Getting a Certificate in Electrical Cost Estimating
If you already hold a relevant degree, a certificate in electrical cost estimating can be a prudent option to plump up your credentials as a cost estimator.
The certificate courses are generally shorter and can be completed in one or two semesters, but they give some gravitas that can help you differentiate yourself in the job marketplace. You can learn about various areas of the job, such as estimation, plan reading, blueprint reading, design and cost management amongst other core skills that you can apply in a real-world environment.
Familiarity with the National Electrical Code (NEC) and other Standards
Becoming a professional electrical estimator means knowing your way around the National Electrical Code and familiarizing yourself with various other standards such as ISA, UL and NFPA.
You should be familiar with the classification requirements of the areas in which you are working with regard to the documentation and design of your projects. You will want to be familiar with all aspects of wiring including color-coding, the various wiring techniques and costing for each technique, classifications for wiring insulation, de-rating and sizing. You also will want the skills to accurately read and interpret schematics, wiring diagrams, one-line diagrams as well as P&IDs and optimize them to meet project requirements or specifications while saving money for your clients.
Modern electrical estimation requires knowledge and proficiency in electrical estimation software tools that deliver fairly accurate results for your projects. You should also be tech-savvy and good with software tools such as Microsoft Word, Excel and Outlook for ease of communication with teams and project owners or directors that you will be working with.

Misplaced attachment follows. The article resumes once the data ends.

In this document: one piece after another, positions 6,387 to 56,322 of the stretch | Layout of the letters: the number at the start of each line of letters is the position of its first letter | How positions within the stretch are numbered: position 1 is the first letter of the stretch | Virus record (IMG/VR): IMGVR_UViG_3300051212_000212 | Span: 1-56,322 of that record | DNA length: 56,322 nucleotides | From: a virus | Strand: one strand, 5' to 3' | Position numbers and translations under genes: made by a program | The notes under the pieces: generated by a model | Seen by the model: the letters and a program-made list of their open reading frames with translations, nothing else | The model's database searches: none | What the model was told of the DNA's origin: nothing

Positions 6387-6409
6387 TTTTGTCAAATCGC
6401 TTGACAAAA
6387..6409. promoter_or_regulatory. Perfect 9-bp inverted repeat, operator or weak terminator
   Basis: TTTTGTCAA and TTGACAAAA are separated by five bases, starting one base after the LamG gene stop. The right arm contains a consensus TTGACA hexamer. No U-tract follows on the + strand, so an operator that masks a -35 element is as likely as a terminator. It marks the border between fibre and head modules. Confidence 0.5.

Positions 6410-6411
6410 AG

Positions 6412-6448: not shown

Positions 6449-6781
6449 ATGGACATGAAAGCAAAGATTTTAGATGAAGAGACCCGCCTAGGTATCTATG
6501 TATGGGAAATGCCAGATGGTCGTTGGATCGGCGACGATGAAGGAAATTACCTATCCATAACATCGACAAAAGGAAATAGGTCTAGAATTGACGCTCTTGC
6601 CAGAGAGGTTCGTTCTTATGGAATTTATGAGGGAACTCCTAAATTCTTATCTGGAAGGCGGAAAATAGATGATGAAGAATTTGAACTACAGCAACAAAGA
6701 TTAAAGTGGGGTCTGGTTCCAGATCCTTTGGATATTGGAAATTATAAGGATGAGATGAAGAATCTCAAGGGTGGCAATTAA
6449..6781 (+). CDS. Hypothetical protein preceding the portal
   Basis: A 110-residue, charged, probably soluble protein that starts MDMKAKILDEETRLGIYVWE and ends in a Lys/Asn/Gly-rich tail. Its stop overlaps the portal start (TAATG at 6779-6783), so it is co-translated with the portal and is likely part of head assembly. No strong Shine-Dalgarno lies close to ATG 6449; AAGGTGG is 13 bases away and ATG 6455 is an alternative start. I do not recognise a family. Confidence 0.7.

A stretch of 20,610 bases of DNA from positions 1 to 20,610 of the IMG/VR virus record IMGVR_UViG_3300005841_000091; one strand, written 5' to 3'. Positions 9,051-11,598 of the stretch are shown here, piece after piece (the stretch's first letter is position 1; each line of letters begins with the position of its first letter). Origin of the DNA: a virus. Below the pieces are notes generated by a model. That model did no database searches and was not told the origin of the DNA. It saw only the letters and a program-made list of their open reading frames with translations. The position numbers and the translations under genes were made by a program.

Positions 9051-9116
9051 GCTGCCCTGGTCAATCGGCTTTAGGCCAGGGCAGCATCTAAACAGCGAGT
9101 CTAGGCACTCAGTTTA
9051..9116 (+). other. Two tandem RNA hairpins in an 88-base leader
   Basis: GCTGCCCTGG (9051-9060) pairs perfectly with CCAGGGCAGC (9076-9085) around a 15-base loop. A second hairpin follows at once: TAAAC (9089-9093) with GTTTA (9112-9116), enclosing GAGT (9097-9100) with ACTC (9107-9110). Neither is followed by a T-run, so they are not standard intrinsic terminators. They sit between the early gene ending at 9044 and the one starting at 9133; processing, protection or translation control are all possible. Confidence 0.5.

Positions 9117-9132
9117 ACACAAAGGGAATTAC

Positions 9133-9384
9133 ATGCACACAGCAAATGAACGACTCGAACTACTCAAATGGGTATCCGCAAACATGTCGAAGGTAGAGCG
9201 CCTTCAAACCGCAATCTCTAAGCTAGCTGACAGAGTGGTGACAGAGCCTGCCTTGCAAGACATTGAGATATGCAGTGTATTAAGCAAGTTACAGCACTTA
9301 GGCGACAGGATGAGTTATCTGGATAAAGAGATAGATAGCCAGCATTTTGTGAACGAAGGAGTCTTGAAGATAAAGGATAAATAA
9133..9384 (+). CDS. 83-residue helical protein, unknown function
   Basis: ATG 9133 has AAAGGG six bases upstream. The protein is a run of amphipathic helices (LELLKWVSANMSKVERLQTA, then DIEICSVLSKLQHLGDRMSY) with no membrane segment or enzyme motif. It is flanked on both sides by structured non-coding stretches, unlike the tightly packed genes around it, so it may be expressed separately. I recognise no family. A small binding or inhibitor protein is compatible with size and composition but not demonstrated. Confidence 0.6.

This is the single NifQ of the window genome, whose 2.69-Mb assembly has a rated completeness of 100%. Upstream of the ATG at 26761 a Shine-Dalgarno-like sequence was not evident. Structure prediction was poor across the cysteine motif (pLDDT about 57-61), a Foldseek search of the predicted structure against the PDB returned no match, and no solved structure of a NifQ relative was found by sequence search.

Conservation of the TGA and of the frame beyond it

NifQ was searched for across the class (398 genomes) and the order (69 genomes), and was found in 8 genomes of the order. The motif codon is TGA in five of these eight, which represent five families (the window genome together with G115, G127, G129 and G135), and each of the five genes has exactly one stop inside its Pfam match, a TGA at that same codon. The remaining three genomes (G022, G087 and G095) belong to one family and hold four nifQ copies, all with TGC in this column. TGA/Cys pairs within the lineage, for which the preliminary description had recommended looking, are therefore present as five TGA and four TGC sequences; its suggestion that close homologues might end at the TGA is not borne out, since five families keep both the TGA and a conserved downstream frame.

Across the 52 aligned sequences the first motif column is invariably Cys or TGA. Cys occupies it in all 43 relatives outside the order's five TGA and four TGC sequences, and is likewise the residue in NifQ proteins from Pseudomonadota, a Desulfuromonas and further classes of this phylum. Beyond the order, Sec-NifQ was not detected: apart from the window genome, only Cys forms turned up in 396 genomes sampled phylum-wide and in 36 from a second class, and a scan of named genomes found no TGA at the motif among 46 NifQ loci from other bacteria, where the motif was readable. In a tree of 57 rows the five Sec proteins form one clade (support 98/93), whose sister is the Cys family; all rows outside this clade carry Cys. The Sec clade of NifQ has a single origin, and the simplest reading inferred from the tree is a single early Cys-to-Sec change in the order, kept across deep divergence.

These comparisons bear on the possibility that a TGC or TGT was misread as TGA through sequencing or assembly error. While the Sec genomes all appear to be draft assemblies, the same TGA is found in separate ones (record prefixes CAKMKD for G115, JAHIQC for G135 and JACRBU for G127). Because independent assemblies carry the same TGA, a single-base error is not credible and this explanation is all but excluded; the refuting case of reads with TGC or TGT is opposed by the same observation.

Electrical Estimation Certification
For your professional certifications and affiliation, you may apply with the American Society of Professional Estimators (ASPE) which promotes professionalism and best practices in the construction industry.
If you are pursuing a career as a professional estimator, getting the ASPE Certification will give you the highest level of professional recognition in your line of work, respected by many employers. As a Certified Professional Estimator or a CPE, you will be recognized for your high level of proficiency as well as ethical standards in carrying out electrical estimating projects.
Another certification that you can seek out is the Association for the Advancement of Cost Engineering International certification, or the AACE. In order to obtain either of these certifications, you must have been practicing as a cost estimator for a period of not less than two years and must have passed a written examination.
Employers Prize Experience
While professional qualifications are a requisite requirement for you to practice as an electrical estimator, many employers prize field experience on top of that. So it is important to be deeply engaged in cost estimation projects early on in your career and also the initiative to learn more and expand the scope of your experience.
Additionally, this is a job that requires great interpersonal skills as well as good written and verbal communication. In most construction projects, you are going to be working with a team of other estimators and specialists that you must relate and collaborate with in order to give your clients optimal outcomes. Marketing skills are also important, especially if you will be working as a freelance electrical cost estimator. You will need that ability to win projects, deliver value for your clients and make money on a consistent basis.
Chris is currently Director, Solutions Engineering at Procore. In 2015 he co-founded Esticom, a cloud-based takeoff and estimating application acquired by Procore in 2020. In a past life, he owned and operated a low voltage contracting firm based in Austin, Texas.View profile